Eye floaters can be clumpy or stringy; light or dark. They are caused by clumps or specks of undissolved vitreous gel material floating in the dissolved gel-like fluid (vitreous) in the back of the eye, which cast shadows on the retina when light enters the eye.
Then, what causes floating spots in vision?
Eye floaters are spots in your vision. Most eye floaters are caused by age-related changes that occur as the jelly-like substance (vitreous) inside your eyes becomes more liquid. Microscopic fibers within the vitreous tend to clump and can cast tiny shadows on your retina. The shadows you see are called floaters.
On rare occasions, floaters can be so dense and numerous that they significantly affect vision. In these cases, a vitrectomy, a surgical procedure that removes floaters from the vitreous, may be needed. A vitrectomy removes the vitreous gel, along with its floating debris, from the eye.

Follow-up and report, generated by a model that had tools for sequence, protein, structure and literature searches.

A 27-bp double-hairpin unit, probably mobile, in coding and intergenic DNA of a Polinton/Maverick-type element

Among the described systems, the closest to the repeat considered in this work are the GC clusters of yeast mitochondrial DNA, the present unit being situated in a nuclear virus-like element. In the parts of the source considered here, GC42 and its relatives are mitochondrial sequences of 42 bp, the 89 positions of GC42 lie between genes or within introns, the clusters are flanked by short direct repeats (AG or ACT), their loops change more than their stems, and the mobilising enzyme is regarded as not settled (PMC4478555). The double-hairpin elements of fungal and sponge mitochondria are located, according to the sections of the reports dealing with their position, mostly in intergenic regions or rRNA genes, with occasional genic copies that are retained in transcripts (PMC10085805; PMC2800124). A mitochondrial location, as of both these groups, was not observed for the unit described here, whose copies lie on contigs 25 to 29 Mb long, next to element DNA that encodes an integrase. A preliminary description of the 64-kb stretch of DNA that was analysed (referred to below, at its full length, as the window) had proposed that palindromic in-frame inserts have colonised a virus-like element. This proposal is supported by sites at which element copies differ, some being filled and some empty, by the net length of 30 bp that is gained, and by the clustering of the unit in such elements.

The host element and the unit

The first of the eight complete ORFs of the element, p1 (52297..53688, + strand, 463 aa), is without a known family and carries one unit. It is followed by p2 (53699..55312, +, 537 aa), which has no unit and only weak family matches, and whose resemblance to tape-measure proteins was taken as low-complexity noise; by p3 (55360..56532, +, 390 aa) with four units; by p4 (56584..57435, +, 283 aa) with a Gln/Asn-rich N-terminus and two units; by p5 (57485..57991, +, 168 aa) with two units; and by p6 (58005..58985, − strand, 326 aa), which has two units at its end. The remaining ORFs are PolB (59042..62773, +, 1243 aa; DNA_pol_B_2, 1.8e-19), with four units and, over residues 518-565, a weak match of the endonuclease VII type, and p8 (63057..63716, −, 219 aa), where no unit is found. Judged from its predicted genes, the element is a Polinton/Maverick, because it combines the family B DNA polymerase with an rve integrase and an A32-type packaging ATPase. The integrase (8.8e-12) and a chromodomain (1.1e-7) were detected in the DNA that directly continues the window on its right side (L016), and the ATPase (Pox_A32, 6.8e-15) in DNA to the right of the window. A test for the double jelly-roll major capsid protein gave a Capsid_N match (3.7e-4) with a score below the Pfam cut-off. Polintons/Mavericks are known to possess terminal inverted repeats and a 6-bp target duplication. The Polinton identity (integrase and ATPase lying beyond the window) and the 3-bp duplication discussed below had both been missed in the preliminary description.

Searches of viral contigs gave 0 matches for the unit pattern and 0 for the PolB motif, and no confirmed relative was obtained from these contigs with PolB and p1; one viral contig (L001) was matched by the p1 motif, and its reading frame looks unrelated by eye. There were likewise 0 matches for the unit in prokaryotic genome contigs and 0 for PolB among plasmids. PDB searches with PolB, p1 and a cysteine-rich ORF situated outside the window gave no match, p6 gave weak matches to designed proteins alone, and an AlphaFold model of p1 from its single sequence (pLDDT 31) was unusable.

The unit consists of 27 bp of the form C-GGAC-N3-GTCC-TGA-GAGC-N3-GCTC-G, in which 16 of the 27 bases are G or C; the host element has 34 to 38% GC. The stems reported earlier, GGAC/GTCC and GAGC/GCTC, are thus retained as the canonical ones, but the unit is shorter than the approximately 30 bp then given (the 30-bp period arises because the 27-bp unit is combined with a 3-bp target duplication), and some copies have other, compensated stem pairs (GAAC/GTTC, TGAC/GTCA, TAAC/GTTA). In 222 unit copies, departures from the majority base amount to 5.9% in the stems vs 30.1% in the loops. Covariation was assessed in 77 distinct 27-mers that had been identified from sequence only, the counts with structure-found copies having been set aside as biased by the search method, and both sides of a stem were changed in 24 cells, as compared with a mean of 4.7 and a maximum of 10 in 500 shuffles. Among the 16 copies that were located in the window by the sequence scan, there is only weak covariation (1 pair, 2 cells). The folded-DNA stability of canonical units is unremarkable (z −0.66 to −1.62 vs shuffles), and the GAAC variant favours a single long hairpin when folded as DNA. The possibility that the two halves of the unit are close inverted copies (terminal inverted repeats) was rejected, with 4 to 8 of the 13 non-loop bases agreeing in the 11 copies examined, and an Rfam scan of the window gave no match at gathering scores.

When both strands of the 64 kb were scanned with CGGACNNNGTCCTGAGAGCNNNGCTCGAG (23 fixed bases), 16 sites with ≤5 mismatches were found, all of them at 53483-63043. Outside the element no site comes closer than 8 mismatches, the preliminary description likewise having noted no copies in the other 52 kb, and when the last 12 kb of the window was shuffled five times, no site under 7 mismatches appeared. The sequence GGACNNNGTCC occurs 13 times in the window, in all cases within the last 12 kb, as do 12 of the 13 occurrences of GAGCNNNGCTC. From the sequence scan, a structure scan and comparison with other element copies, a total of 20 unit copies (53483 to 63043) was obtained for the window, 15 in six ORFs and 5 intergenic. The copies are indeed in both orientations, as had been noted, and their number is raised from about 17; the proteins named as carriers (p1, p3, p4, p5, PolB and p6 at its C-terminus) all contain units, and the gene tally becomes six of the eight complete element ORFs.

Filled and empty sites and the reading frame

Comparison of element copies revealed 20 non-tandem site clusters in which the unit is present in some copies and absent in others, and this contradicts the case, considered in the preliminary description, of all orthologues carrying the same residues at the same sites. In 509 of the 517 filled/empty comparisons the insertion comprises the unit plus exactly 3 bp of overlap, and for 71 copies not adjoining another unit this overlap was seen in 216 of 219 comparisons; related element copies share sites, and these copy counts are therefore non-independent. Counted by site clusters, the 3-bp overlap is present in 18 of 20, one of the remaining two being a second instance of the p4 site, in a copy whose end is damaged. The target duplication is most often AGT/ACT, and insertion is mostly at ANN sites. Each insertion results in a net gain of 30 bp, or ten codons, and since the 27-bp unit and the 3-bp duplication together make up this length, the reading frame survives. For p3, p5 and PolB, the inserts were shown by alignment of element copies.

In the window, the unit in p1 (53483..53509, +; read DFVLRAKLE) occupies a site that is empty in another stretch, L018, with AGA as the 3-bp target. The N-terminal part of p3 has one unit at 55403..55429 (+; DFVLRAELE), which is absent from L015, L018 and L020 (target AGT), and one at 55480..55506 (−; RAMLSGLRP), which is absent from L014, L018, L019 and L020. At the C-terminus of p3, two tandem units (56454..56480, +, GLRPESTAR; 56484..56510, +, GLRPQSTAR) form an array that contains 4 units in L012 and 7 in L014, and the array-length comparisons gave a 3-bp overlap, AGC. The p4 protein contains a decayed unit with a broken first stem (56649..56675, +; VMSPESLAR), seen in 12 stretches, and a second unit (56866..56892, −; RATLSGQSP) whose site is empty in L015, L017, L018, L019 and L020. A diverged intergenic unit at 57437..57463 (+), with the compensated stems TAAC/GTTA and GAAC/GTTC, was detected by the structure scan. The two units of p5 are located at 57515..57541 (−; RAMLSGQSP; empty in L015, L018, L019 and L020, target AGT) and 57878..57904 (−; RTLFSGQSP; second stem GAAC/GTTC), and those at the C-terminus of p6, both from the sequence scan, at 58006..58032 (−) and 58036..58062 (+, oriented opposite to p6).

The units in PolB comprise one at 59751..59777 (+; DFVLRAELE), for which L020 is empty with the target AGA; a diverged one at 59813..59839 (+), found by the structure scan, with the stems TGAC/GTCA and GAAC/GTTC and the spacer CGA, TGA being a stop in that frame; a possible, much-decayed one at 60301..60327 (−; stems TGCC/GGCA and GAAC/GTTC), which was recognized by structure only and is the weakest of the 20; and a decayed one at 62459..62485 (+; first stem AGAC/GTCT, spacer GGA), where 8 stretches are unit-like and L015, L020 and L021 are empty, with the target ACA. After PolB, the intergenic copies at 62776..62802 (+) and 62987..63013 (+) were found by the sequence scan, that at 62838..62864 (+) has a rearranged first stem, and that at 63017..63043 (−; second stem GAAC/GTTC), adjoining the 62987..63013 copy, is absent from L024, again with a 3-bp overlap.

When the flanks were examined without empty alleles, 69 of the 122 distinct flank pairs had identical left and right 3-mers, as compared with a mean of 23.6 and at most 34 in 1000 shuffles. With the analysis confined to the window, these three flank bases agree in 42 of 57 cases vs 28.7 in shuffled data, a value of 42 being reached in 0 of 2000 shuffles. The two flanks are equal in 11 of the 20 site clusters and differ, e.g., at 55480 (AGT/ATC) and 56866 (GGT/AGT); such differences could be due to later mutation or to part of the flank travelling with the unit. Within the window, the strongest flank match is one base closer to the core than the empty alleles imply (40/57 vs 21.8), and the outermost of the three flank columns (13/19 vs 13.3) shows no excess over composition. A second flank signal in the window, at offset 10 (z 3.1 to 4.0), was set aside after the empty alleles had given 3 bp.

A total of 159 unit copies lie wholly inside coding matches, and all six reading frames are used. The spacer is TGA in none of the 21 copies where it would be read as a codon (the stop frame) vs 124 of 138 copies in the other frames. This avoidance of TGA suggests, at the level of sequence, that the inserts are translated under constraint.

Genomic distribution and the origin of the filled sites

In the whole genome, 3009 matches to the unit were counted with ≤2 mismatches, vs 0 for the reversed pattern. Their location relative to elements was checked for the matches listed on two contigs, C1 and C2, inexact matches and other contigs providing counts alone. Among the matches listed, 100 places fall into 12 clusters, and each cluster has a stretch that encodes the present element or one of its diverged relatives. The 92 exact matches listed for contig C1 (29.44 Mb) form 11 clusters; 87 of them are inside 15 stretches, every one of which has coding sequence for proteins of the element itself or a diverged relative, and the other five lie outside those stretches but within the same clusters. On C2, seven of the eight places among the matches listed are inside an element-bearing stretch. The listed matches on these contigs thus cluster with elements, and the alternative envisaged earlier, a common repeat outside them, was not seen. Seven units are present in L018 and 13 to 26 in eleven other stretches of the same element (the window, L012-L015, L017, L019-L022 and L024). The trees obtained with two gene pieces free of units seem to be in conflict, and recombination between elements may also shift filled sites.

Migraines. Migraine headaches can cause changes in vision, including seeing stars, sparkles, or flashes. They can also cause spots, heat-like waves, tunnel vision, or zigzagging lines. Retinal disturbances or decreased blood flow to the retina may cause these symptoms.
Move your eyes -- this shifts the fluid around. Look up and down, that usually works better than side to side. If you have so many that they block your vision, your eye doctor may suggest surgery called a vitrectomy. He'll remove the vitreous and replace it with a salt solution.
Flashes will almost always go away completely. It usually takes about a month, but sometimes it can take up to six months. Floaters will gradually get smaller and less noticeable as the weeks and months go by, but usually they never disappear completely. Do not worry if you have a few floaters.
Floaters caused by loose cells, for example, are usually not that bothersome and often go away on their own in a few weeks or months. The floaters that look like wispy threads tend to be more visible, and in most cases they will also go away with time. In some cases, however, they can signal other problems.